Wednesday, March 22, 2006

I had my own experience of failed Scripture search yesterday: i had a vague recollection of a verse with the phrase "you will know them by their words". I opened e-Sword and tried looking for the two words "know" and "word", with no luck. Just looking in the Gospels under "word" returned hopelessly many results. Somehow (i forget now what the path was) i got to Matt.7.16, "you will recognize them by their fruits". I guess that's what i was thinking of, and some other version used "know" instead of "recognize", and then i confused "work" (as fruit) with "word"? Funny how our brains work sometimes.


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Yesterday i got a copy of the New Testament Indexby Robert G. Bratcher. This slim volume (only 37 pages) is nothing more than what the title suggests: "a guide in locating passages in the New Testament dealing with a wide range of subjects, persons and places." Since i've been thinking lately about indexes and indexing schemes, i wanted to compare it in detail to other approaches like Nave's Topical Bibleand similar works. Bratcher's index was published in 1963 as part of the Helps for Translators series by the United Bible Societies: so you'd expect it to be practical in orientation. Bratcher's introduction says it's intended for "readers who do not have a more complete Bible Concordance": most Bible software today has one of those, but concordances aren't the whole story in terms of making information accessible (more about that in a future post, i hope).

Here are the subjects from the "B" section. I've omitted names of people and places, which account for about half of the entries: there it's hard, though not impossible, to improve on a concordance. I've also left out the references to spare my fingers:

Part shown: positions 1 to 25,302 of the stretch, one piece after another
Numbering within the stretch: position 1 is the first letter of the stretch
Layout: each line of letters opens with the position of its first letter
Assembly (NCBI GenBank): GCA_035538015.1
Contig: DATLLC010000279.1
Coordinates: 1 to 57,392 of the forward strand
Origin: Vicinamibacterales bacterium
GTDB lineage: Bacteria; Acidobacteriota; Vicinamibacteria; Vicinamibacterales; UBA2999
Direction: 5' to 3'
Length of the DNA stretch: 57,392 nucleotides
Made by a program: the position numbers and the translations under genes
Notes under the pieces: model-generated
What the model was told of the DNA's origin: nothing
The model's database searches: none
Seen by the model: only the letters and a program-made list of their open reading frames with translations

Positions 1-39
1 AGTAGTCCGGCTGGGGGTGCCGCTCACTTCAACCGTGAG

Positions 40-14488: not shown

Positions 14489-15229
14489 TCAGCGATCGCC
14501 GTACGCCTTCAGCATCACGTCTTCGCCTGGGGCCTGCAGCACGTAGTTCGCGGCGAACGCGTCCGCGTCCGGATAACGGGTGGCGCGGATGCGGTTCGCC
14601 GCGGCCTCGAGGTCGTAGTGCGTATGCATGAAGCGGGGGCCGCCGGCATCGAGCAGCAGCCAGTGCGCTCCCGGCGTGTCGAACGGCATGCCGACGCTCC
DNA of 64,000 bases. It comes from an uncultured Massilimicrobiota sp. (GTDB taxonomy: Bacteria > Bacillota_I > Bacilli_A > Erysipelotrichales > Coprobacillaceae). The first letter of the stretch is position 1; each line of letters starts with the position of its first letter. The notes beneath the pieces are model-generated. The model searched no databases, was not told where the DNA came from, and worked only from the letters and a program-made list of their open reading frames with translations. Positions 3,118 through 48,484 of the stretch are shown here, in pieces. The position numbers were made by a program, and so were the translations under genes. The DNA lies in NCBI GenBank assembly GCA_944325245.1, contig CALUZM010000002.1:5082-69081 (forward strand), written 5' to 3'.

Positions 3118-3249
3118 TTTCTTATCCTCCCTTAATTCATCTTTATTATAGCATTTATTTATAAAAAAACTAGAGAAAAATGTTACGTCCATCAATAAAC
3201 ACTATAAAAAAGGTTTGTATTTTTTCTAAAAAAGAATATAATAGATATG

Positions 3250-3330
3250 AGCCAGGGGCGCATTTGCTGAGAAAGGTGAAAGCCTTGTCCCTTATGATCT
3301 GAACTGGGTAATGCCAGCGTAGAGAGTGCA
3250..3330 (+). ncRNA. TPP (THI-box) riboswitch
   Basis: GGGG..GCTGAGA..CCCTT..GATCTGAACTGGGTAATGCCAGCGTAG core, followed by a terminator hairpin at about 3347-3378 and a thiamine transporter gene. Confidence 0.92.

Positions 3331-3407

• Baptism, baptize:
    1. John the Baptist
    2. Jesus
    3. Christian
    4. with the Spirit
  • Beast
  • Beatitudes
  • Beelzebul (references followed by "See Devil")
  • Belial (references followed by "See Devil")
  • Believe: see Faith
  • "Benedictus" [Luke.1.68-79 in case you're not familiar with that term]
  • Betray, betrayer
  • Birth
    1. physical
    2. spiritual
  • Bishop(s): see Church ministers
  • Blaspheme, blasphemy
  • Blessed
    1. general
    2. addressed to Christ or God
  • Blind, blindness
    1. physical
    2. spiritual
  • Blood
    1. animals
    2. men
    3. Christ
  • Boast: see Pride
  • Body, bodies
    1. human
    2. of Christ
  • Book
    1. general
    2. of life
  • Born: see Birth
  • Bread
    1. material
    2. spiritual
    3. of the Presence
    4. Lord's Supper
  • Bride, bridegroom
  • Burial
    1. of Jesus
    2. other
    3. figurative

Sometimes less is more: if you're looking only for general material, a selective index like Bratcher's has an advantage in that it is not exhaustive, so you don't have to wade through every last entry for common topics. And clearly this goes beyond a simple word concordance, which wouldn't contain "Benedictus". Some of the sub-heading lead in the general direction of taxonomic classification: Christian baptism versus that of John the Baptist. The contrast of physical and spiritual sub-headings occurs several times: directly under Birth and Blindness, and in related ways under Bread and Burial (where "figurative" might also be called "spiritual"). There's also some simple semantic grouping (for Believe, see Faith; for Bishop, see Church ministers).

As with all content indexes, it's interesting what's included and what's left out. Under "Book", we find the special NT idiom "Book of life", with seven references, all but one in Revelation. However, we don't find "bread of life", an idiom used several times in John's Gospel (though all in Pericope 125), under "Bread".

We know indexes are both imperfect and incomplete (Shirky has some typically thought-provoking comments on this). I would assume that the field of library science, where this is a well-established professional concern, has looked carefully at the critical quantitative issues of how well people are able to satisfy their information-seeking goals using existing indexes. However, i don't know of (but haven't looked for) any studies on this specifically related to concordances or Scriptural indexes. I'm still mulling over Stephen Smith's search statistics from the ESV site: but of course this only tells you about searching, not finding.


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